Even Fox's Karl Rove Is Calling Out The Dangers Of Trump's Inaccurate Boeing Tweet
Rove: Trump "Destabled The Stock Of A Major American Company" By Tweeting "Something That Was Not Accurate"
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From the December 7 edition of Fox News' America's Newsroom:
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KARL ROVE: Well look, it's part of the world in which we live, so he's going to keep tweeting. But, and look, the impulse, we want to save the taxpayers money, that's admirable. But this was fire, ready, aim in my opinion. First of all, there's not a contract for $4 billion, there's a contract for $170 million. It's not to build one plane, actually the goal will ultimately be to build 3 planes. But the contract that exists is to drop the technical designs and specifications for all that the Air Force and the Secret Service and the other elements of the government want in the new fleet of Air Force Ones. And third, look, Boeing -- whatever the price ends up being, if it is a 747, Boeing lost money on the two planes that it sold the government 29 years ago, and in all likelihood, Boeing will not make money or much money on the new fleet of three Air Force Ones that is contemplated. Boeing views this as a lost leader, this is their responsibility to serve the country.
BILL HEMMER (CO-HOST): I got you. 30,000 feet right now, I mean literally with Boeing here. I think what the company says that, "Look, we're just building the plane that the government asked us to build." I think Trump's point is just cut it down. Look at all the cost overruns here. I remember 2009, I mean the depths of the recession we were going through, President Obama canceled a big order too for Marines helicopters, remember that?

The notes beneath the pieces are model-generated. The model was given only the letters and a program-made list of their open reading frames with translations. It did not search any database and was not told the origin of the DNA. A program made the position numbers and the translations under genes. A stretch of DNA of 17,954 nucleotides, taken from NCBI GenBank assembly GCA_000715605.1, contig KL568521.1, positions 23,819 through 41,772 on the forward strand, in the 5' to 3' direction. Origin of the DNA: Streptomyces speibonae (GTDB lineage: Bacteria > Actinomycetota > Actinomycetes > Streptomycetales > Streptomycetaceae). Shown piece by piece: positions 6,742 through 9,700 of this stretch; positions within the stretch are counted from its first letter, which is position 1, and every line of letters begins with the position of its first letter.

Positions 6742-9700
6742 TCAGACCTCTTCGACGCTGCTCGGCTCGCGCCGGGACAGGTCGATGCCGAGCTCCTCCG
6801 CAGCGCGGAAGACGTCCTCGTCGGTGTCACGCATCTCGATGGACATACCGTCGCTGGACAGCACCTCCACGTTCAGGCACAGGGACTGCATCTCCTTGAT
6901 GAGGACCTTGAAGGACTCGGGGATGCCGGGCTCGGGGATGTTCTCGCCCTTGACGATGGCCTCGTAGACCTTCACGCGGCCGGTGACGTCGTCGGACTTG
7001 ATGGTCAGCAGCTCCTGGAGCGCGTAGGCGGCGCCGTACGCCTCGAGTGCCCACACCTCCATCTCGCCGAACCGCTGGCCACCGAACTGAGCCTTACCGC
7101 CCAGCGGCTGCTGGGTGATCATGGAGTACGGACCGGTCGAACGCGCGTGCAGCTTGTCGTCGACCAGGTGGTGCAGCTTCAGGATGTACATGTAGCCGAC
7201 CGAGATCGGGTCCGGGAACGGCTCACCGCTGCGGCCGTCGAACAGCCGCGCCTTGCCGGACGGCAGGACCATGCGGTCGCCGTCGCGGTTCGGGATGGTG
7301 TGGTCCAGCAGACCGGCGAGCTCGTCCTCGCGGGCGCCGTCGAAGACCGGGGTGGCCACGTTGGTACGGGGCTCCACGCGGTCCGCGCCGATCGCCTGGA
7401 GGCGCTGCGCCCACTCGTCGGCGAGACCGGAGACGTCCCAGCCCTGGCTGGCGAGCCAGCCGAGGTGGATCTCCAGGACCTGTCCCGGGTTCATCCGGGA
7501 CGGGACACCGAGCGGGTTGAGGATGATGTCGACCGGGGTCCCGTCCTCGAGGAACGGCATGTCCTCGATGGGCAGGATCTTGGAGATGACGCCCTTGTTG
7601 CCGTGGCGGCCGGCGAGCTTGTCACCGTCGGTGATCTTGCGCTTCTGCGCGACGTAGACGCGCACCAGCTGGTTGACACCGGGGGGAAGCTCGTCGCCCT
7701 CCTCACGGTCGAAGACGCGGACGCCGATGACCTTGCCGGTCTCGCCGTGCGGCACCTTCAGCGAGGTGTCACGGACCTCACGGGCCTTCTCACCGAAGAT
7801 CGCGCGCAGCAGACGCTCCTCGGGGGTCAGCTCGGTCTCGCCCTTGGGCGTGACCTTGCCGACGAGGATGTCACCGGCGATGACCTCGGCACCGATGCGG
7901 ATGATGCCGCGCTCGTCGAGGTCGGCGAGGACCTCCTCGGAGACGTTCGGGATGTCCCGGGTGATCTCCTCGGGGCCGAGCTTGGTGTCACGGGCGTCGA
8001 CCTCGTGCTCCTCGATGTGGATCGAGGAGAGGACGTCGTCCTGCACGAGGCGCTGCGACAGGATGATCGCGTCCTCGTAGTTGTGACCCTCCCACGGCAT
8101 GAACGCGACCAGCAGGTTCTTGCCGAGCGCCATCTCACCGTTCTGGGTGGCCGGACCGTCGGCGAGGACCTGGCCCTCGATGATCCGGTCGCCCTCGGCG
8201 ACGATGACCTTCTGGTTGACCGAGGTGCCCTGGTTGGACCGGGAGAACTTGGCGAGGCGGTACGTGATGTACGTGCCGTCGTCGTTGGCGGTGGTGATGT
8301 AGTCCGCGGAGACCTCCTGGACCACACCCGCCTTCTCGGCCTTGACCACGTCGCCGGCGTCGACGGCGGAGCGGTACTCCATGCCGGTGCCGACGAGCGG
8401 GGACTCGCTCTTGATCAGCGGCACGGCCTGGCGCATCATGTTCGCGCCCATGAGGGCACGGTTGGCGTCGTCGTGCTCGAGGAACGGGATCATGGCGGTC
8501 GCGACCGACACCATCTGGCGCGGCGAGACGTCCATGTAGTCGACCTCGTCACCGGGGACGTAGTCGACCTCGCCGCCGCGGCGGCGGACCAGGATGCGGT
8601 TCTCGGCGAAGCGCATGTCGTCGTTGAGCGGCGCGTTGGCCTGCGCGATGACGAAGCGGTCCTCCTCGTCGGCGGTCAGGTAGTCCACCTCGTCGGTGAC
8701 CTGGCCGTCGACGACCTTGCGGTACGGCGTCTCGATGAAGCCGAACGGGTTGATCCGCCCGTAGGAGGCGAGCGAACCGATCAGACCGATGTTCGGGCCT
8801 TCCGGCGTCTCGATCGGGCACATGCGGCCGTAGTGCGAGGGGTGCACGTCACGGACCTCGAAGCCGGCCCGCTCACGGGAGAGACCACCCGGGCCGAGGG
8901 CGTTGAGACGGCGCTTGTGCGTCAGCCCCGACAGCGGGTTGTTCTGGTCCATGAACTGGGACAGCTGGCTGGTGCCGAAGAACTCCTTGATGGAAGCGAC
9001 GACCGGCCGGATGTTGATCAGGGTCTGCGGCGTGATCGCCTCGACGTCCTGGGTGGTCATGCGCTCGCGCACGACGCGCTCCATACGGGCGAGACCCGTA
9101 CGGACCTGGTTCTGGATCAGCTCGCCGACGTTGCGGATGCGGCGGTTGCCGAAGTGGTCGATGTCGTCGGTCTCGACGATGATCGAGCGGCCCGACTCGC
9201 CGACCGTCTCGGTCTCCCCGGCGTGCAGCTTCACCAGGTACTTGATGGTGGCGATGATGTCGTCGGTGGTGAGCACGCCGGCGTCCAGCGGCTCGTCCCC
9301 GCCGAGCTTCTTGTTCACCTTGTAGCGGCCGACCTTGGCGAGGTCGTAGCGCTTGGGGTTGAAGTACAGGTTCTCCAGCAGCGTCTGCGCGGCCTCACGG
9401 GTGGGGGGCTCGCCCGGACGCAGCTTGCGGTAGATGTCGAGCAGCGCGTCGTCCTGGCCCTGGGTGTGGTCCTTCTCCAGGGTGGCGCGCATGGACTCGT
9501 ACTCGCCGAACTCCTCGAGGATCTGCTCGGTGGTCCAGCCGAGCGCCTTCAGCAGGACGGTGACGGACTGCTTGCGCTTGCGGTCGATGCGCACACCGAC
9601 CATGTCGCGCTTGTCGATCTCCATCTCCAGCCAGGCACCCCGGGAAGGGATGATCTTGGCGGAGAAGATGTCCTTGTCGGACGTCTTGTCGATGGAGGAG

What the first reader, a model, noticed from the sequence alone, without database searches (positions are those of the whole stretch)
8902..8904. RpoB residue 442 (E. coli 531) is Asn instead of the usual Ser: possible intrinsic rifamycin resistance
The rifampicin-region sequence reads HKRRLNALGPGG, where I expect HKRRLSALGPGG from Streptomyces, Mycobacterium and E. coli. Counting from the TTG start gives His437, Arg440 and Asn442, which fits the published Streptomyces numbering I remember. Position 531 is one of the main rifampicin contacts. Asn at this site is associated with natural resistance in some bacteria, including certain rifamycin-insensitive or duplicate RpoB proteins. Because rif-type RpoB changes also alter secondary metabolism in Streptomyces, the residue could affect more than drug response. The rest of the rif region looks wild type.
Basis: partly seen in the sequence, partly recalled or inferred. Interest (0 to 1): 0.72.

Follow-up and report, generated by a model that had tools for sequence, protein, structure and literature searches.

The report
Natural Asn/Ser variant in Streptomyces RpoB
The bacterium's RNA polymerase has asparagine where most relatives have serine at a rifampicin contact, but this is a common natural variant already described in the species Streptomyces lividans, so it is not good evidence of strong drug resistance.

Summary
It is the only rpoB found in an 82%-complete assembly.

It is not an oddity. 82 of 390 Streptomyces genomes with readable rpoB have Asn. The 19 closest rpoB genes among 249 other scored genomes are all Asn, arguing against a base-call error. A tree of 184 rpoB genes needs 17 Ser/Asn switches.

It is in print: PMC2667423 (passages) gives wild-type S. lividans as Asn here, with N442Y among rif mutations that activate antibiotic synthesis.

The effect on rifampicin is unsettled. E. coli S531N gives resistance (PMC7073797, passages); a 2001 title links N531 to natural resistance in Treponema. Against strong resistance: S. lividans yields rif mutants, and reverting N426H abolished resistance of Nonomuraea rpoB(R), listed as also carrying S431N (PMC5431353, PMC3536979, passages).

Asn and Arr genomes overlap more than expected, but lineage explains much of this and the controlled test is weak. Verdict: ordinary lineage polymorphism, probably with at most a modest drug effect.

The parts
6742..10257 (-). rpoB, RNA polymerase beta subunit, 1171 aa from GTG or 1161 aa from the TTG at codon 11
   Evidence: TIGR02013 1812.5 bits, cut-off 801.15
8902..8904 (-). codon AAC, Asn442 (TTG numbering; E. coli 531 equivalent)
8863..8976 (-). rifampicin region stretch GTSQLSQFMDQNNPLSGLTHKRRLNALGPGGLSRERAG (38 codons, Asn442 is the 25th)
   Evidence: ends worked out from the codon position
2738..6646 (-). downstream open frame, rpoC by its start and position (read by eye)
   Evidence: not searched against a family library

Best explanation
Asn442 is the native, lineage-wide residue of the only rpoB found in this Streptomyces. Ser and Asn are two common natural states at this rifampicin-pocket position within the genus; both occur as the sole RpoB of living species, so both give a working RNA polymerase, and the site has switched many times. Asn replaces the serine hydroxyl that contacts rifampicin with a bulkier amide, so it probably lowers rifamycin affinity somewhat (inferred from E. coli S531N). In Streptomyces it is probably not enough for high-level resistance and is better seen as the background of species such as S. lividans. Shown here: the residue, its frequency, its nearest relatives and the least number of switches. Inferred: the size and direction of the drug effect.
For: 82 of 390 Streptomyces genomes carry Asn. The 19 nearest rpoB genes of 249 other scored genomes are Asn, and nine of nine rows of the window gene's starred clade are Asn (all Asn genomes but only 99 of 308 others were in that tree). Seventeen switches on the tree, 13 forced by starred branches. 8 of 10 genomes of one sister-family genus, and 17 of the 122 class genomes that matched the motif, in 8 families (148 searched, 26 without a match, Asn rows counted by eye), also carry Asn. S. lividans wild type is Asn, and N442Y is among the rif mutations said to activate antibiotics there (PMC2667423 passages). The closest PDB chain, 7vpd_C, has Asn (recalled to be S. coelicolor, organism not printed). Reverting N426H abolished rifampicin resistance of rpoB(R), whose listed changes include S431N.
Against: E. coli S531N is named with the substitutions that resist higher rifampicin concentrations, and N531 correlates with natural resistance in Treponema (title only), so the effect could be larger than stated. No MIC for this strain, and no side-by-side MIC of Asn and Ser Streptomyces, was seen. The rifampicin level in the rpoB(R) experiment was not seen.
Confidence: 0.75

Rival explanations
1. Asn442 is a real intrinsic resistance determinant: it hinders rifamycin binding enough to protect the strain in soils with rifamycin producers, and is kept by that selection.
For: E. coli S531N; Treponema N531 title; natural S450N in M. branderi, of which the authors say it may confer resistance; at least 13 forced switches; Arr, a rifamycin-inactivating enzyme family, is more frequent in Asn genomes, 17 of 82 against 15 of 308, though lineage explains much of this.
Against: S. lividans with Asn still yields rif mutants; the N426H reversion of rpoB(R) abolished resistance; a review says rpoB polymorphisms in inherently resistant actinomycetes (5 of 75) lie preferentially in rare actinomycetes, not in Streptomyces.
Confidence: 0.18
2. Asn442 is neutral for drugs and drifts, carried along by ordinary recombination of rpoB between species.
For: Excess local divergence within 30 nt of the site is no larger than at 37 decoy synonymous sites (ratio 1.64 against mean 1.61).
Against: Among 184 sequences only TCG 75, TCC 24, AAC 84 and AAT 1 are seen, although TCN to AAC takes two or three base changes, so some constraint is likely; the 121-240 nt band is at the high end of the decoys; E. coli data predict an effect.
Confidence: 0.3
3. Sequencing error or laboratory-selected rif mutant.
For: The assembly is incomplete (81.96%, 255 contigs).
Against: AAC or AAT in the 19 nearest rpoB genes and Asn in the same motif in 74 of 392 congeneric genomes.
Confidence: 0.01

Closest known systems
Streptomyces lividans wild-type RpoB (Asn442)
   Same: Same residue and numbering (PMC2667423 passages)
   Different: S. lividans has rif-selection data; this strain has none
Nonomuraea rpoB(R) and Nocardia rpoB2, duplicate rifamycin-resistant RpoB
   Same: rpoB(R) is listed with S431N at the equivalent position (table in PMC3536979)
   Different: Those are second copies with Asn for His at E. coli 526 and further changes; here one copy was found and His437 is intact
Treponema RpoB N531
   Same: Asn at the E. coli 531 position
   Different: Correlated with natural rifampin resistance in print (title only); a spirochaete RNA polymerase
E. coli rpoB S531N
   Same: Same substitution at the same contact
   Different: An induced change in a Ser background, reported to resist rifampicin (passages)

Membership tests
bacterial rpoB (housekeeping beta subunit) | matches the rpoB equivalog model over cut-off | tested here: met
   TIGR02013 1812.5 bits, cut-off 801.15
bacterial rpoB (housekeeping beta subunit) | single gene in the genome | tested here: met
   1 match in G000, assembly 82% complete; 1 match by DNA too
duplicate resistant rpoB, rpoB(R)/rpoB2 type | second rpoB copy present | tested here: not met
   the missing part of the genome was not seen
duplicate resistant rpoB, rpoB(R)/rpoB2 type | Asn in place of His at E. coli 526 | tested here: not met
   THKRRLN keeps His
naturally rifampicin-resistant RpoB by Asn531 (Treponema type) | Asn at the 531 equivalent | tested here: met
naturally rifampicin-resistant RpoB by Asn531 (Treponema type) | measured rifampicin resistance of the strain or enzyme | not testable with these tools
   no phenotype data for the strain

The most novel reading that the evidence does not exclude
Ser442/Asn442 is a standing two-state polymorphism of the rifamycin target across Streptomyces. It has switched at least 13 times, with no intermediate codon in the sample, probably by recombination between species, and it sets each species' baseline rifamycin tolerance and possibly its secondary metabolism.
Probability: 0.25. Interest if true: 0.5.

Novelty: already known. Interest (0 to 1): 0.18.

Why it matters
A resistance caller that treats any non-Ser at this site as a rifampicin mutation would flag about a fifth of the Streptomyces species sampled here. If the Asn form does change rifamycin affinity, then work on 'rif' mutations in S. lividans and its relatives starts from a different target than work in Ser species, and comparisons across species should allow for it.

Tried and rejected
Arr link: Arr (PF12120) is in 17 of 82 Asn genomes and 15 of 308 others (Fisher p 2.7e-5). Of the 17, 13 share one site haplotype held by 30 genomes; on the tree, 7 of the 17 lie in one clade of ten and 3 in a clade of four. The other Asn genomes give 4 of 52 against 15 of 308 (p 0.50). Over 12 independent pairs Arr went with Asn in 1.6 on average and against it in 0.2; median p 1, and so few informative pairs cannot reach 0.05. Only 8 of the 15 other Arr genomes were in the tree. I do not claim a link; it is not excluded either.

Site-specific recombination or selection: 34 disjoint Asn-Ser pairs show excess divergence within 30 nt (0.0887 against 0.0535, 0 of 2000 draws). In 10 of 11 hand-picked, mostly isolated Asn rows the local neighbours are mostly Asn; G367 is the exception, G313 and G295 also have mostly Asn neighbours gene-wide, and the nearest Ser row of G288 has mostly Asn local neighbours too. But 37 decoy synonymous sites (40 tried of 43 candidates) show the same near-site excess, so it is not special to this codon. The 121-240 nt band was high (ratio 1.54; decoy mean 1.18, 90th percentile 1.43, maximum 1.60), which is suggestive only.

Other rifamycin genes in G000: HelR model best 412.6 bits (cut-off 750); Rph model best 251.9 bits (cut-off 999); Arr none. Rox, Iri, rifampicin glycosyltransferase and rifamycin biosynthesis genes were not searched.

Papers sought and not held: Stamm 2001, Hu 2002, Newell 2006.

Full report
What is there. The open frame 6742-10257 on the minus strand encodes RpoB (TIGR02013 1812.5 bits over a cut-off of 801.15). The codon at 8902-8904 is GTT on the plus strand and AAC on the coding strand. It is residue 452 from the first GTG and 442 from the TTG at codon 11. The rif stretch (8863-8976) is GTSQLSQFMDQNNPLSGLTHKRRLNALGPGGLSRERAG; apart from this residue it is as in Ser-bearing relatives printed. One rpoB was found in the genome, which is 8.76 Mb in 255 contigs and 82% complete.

ROVE: Sure. Yeah, yeah, look, these airplanes have a life cycle and the planes that the president will fly, that President-elect Trump will fly in, are 29 years old and the threats that have emerged in the last nearly three decades have made the survivability of the next fleet of planes to be important. But here is the point: there is no $4 billion-dollar contract. Inside the White House every statement of the president is generally staffed out. That is to say it's reviewed by all of the appropriate officials inside the White House and checked for accuracy. If this were staffed out, the first thing that would have happened is people would say, "Mr. President, there is no $4 billion contract with Boeing to build these planes, we are not anywhere near signing a contract to build three aircraft."
HEMMER: But this is a new age, it's his way of going around the media. I mean, you can see his argument.
ROVE: Yeah and that's fine, I understand that. And that's why he's going to continue to do it. But when he does so there's one elemental thing that a president ought to keep in mind, which is the power of his words and therefore the accuracy of his words. And it's fine for President Trump to say, "I'm going to go around the media and say things directly to the American people," and the press will be forced to cover it, and fine. But make sure those words are accurate. What he did yesterday was he destabled the stock of a major American company. Now it's not just a bunch of executives sitting in Chicago or a bunch of management types sitting in Charleston, South Carolina, or in Seattle, Washington, where they have their main facilities. That stock is held by millions of Americans, by pension funds, by university endowments, by charity endowments, by ordinary people who've invested in Boeing and he said something that was not accurate that had a negative impact on that stock.
HEMMER: I hear your point.
ROVE: Namely that there was a $4 billion dollar contract. So you got to be careful about using it. Yeah, it's a powerful tool and he's going to continue to use it. But the question is, is he going to use it with accuracy and honesty? And yesterday, he said something that was not accurate -- there's a $4 billion dollar contract and Boeing is out to rape the taxpayers -- not true.